Madagascar 3: Europe’s Most Wanted

The animated sequel is something that’s hard to pull off owing to the law of diminishing returns. Each subsequent entry in a franchise seems to scramble for a new hook or new way of breathing life into its core set of characters. Not all of them can pull this off. Whilst Toy Story successfully spawned two sequels (although I think the original is by far the best), other franchises, such as Cars, have produced very lacklustre sequels that were thin on ideas. This year we’ve seen two of the “B-list” animated franchises: Ice Age and now Madagascar. Whilst I really enjoyed Ice Age: Continental Drift (so did the box office), others lambasted it for being so thin on character and featuring another nonsensical plot. So how does Madagascar 3: Europe’s Most Wanted stack up in comparison?

For those unfamiliar with the series so far, it follows a collection of animals on their wild adventures. There’s Alex the lion (Ben Stiller), Marty the zebra (Chris Rock), Melman the giraffe (David Schwimmer) and Gloria the hippo (Jada Pinkett Smith), as well as a couple of other oddballs including a battalion of penguins and an eccentric lemur called King Julien (Sacha Baron Cohen). In the past we’ve seen them find a way to get out of a New York zoo and wind up in Madagascar. They then decided they didn’t like it there so tried to fly back home, but got dumped in mainland Africa. And now we see them once again trying to get back to New York, but by way of Europe by serendipitously joining the circus to evade the clutches of Captain Chantel DuBois (Frances McDormand). She’s a bit like Ace Ventura pet detective, but way less likeable, wears less amazing clothes and generally likes to kill her captured animals. OK, so not like Ace… this comparison doesn’t fit… like a glove.

Yep, all pretty regular behaviour…

So there you have it, the typical eccentric plot of a threequel, but how does it fair? Surprisingly well, I must say. It seems like the writers have thrown caution to the wind and embraced every wild idea they could come up with on their late night benders. You want Chris Rock singing an incredibly annoying song about polka dots and afros? You got it! You want a giraffe and a hippo to fall in love and do the tightrope together? You got it! You want a lemur to fall in love with a grizzly bear that rides around on a children’s tricycle? You got it! Yes, the ideas are bombastic and absurd, but they work beautifully in the context of the film.

Now, for me, the biggest thing that I dislike about a film starring Chris Rock is Chris Rock. I just don’t get his humour – it really grates on me. People tell me he’s the “new Eddie Murphy” – but I like Eddie Murphy; that guy has charisma and is genuinely funny. I can’t say the same for Rock, especially in his stand-up. However, all of his utterances that caused me to squirm in my seat are already in the trailer; thus eliminating his annoyances from the film itself as I’d already seen them / heard his schtick. With that said, all of the cast are great – but as ever, this is just voice acting… it’s pretty hard to commend someone for “great acting abilities” if all they’re doing is reading lines. It is funny how this is Ben Stiller‘s best work in quite some time though. I really hope that guy catches a break soon so he can be acting in genuinely funny films again. I just hope the Adam Sandler effect hasn’t enveloped him yet.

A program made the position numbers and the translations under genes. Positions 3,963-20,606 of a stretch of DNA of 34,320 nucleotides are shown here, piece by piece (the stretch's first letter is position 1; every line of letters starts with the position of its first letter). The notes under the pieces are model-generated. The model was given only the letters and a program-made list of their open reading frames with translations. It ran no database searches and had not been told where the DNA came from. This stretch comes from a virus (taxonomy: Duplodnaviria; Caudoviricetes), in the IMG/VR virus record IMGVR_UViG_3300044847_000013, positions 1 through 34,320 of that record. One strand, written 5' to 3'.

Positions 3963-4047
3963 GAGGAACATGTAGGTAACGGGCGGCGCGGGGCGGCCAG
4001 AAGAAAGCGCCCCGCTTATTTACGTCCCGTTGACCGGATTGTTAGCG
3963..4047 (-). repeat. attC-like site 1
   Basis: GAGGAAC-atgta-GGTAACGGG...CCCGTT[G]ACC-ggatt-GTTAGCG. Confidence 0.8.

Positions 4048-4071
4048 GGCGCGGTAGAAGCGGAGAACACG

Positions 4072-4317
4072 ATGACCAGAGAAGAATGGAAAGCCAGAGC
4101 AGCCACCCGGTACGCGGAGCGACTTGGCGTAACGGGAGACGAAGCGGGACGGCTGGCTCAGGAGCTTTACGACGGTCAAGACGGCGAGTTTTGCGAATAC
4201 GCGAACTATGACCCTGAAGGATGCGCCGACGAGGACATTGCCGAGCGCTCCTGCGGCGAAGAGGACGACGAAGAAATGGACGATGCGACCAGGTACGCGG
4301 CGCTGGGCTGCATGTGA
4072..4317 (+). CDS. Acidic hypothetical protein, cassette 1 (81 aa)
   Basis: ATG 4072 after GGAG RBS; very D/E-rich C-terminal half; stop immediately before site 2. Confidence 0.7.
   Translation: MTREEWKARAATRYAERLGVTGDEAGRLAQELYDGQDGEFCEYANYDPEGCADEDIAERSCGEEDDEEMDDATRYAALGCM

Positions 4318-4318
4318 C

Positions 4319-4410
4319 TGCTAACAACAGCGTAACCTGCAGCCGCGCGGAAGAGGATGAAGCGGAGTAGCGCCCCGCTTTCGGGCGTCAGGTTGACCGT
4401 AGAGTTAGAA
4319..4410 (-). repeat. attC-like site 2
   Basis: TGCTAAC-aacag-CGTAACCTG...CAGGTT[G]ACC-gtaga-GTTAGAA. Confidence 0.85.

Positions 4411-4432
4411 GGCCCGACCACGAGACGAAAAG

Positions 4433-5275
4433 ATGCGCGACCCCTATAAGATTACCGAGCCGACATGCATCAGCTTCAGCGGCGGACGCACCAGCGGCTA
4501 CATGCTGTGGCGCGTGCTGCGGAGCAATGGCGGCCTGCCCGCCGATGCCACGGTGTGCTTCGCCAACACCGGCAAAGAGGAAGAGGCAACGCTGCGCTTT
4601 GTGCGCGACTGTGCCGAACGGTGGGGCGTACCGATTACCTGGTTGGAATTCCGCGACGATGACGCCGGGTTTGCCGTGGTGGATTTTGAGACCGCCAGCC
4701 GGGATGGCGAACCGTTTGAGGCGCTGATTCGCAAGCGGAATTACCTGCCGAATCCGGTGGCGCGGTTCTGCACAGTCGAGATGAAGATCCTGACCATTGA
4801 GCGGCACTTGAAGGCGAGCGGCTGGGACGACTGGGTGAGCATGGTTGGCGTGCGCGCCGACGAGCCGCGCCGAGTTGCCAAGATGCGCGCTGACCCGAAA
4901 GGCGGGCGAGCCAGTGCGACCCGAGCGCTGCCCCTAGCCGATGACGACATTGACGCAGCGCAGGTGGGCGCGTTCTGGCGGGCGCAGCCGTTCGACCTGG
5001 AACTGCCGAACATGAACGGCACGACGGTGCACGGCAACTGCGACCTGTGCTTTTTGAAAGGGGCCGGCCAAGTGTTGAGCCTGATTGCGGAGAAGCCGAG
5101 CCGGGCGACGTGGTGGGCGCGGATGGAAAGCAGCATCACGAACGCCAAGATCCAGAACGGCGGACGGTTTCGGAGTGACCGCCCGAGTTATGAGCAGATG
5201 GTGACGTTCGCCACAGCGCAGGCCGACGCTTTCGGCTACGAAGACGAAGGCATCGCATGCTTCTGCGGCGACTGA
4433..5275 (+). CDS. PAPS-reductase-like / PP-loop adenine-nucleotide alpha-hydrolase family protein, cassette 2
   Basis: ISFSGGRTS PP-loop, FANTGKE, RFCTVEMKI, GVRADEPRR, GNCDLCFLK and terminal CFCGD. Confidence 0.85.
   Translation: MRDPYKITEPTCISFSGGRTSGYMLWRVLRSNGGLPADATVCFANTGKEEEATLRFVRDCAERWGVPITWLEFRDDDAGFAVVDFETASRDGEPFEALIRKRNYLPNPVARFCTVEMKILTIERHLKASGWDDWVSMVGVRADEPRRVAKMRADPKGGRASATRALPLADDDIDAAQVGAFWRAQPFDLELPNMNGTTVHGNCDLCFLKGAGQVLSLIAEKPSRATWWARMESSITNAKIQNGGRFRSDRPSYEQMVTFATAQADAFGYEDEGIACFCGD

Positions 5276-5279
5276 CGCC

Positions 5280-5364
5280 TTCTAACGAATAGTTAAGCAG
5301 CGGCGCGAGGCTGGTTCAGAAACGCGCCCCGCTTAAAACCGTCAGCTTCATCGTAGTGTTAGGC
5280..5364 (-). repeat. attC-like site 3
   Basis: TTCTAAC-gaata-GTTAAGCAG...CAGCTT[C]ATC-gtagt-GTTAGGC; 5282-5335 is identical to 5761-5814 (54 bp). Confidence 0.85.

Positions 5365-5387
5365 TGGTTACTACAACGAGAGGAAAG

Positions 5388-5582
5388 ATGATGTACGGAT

What makes the film so fun is the characterisation and therefore the humour. All of the animals’ personalities are conveyed so well on screen owing to the writing and choice of accents / actors. Although once again it’s probably Sacha Baron Cohen that steals the most laughs with his always-eccentric Julian and absurdly Robin Williams-esque accent. His character’s romance with Sonya the grizzly bear is both humourous and at times quite touching (once you get through the absurdity of a tutu-ed bear on a tricycle). Also, mention has to go to the visuals. I’ve never thought of the Madagascar series as being mind-blowingly beautiful but there are some spectacular scenes in there that just look fantastic.

If I’m honest, I found the film as humourous as Ice Age: Continental Drift, but without the “slow” moments. Madagascar 3 doesn’t know where the brake pedal is and hurtles along at a rapid pace. This therefore eliminates the weaknesses I saw in Ice Age: Continental Drift – the slow romance scenes with the young mammoths. Therefore kudos must be given for the pacing of this film, which makes it even more suitable for the youngsters in the audience. In a year that’s seen so many “mature” animated films, it’s great to see something that is aimed at the kids, as opposed to aiming at the adults. Sure, there are laughs to be had for us more mature folks, but it’s not expressly for us. And that’s what makes it a great watch.

With Madagascar 3: Europe’s Most Wanted I think you know what you’re getting yourself in for when you purchase the ticket… it’s about talking animals. And it ably delivers on its aims of entertainment. Whilst it’s by no means going to catapult the franchise into the upper echelons and make it as note-worthy as Toy Story, it’s definitely injected fresh life into the premise. I just wonder where they’ll go from here…

And who doesn’t like some wild speculation on that fact? I don’t think they’ll go the totally bonkers route that Ice Age has pursued… but who knows. I’m sure the writing team have read the reviews praising their off-the-wall humour, so maybe we will? Aliens? Dinosaurs? Space? Who knows where we’ll be heading next!

Phage Factor:

3.5 Star